No, Americans are just a pretty bloodthirsty lot; the desire to kill him has nothing really to do with not wanting to understand, I don’t think. It’s just good old vengeance masquerading as justice.

    While it’s certainly true that American culture is pretty bloodthirsty, it’s hard to deny the undercurrents of anti-knowledge as well. Abstinence-only sex education, the idea that “if you teach children they are animals [via evolution]; they’ll act like animals!”, and the conflation of the science of criminology with excusing criminal behaviour are all examples: a lot of Americans believe that learning about something makes you likely to become that something. That and the fact that studying things good people don’t like is what godless liberal coastal elites do.

    If conservative, red meat Americans suggest an opportunity to learn from a criminal, it’s often as an extra form of torture: “if they must, let the scientists thin-slice his brain while he’s forced to watch, so he knows what his victims felt!” Or some variant thereof.

    There are some who definitely would rather risk it happening again than understand why it happened this time, but there are also who believe that trying to understand why is risking it happening again. Good people don’t do those sorts of things, and for God’s sake they don’t study such filth, therefore don’t encourage that sort of study and you’ll create a society where such things don’t happen.

    Consider the attitudes to researchers studying, for example, HIV transmission among at-risk populations. Parts of the American psyche are openly hostile to attempts at understanding.

  4. Kevin Kehres says

    Frankly, I think it’s an abject failure of the mental health system to identify people with anxiety and/or depressive disorders as “mentally ill” but people like Rodgers — despite his/their bug-fuck nutty ideas about women and sexual relationships — are considered “normal”.

    If that’s “normal”, I’m the Queen of England. No matter how “typical” Rodger’s attitudes toward women might be or how much Rodger’s behavior might only be considered the far right side of a very long and violent bell-shaped curve. Yes, violence against women is common. That doesn’t make it “normal” behavior. Yes, misogyny is rampant. That’s not “normal”, either.

    If we accept that as “normal”, we as a society are completely and totally fucked.

    None of that should be construed to mean I think Rodger can be absolved of his actions by virtue of his deranged thinking. He has to “own” both. And his MRA/PUA fellow-travelers also have to own that their ongoing support of Rodger’s type of thinking enables murder. That makes them immoral monsters. And that’s not “normal” either.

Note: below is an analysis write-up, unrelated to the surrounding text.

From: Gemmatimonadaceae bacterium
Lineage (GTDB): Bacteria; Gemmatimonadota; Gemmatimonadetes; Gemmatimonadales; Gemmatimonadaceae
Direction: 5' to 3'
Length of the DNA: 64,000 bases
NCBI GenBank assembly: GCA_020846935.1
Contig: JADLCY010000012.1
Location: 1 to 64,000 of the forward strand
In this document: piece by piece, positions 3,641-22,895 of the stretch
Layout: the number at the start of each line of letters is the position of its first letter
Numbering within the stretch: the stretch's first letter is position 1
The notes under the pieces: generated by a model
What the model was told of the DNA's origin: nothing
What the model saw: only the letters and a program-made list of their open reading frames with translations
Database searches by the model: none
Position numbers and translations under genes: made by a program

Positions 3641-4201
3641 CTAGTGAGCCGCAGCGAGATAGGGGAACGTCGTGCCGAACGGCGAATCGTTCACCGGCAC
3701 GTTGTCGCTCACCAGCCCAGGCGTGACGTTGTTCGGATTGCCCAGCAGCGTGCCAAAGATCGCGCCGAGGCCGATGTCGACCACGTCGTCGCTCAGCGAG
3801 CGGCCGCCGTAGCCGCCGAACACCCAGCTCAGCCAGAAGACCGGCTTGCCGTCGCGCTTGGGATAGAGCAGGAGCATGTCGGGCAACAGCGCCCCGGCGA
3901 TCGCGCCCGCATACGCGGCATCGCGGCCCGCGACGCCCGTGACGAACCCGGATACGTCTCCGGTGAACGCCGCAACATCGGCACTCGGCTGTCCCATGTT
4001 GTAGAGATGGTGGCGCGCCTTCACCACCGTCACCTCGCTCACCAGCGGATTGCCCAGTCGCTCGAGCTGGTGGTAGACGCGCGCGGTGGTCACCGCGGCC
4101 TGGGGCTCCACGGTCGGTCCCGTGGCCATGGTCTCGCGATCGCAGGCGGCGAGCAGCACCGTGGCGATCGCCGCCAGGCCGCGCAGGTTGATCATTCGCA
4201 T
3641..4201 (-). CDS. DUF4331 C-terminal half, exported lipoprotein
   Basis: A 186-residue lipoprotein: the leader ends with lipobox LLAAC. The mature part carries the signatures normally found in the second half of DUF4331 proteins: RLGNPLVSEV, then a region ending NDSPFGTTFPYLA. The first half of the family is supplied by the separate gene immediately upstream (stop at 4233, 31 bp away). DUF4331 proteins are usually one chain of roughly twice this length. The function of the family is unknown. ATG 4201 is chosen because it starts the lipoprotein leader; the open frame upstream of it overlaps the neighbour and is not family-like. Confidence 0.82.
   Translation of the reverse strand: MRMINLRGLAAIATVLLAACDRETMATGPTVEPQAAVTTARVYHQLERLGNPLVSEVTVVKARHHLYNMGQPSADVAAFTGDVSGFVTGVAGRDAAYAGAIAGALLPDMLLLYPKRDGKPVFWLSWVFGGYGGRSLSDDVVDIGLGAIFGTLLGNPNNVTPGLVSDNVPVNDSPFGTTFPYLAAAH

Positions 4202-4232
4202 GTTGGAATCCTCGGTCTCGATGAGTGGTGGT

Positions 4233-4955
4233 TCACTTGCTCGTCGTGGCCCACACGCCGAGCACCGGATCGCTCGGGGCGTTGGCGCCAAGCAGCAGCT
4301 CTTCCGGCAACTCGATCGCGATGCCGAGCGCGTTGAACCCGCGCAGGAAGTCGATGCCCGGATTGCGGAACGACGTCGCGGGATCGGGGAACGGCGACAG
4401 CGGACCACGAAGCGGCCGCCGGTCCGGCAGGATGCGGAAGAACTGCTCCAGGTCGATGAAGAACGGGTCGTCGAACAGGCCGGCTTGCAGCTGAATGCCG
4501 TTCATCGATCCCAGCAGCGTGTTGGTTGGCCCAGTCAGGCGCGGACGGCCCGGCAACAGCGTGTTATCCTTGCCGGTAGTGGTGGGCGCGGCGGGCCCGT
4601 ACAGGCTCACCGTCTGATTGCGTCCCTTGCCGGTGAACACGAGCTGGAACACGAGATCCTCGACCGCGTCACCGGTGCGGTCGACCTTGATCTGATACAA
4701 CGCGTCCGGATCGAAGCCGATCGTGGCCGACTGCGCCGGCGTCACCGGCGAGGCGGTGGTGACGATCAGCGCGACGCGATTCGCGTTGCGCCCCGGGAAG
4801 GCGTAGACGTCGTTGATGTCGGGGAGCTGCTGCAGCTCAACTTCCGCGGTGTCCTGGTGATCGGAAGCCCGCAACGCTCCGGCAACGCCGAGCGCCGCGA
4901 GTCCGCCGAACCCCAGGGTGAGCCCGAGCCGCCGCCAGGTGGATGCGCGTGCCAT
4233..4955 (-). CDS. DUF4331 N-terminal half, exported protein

5. says

    Kevin Kehres:

    Yes, violence against women is common. That doesn’t make it “normal” behavior. Yes, misogyny is rampant. That’s not “normal”, either.

    You’re wrong. Humans are violent, and violence is an oft seen action and reaction. Children grow up, every day, hearing and seeing violence. There’s violence in the home, the workplace, places of recreation, and schools. A lot of people work hard to not be violent, and to control emotions such as anger and frustration. Violent behaviour is a normal one. We wouldn’t have to strive so hard to overcome it if it weren’t normal.

    Misogyny has been considered to be normal for a very long time. Centuries worth of time. It’s one of the major foundations of societies. It goes hand in hand with toxic concepts of masculinity. The backlashes seen against feminism are often based in fear of losing a misogynistic foundation, which allows for power, control, and privilege.

    It’s uncomfortable as hell to be introspective, to be honestly aware of all the ways in which humans are capable of being ugly, in thought and deed. This is why people are so desperate to other, to remove someone who commits terrible acts, to label them as other, as not normal, so they can be comfortable and not have to examine all the ways in which we are fucked up. This is why the same facile rationalizations are trotted out each time something like this happens. This is why so many people dodge having those uncomfortable discussions about the root causes of such attitudes, ideas, behaviours, and actions.

  6. screechymonkey says

    Kevin Kehres @4: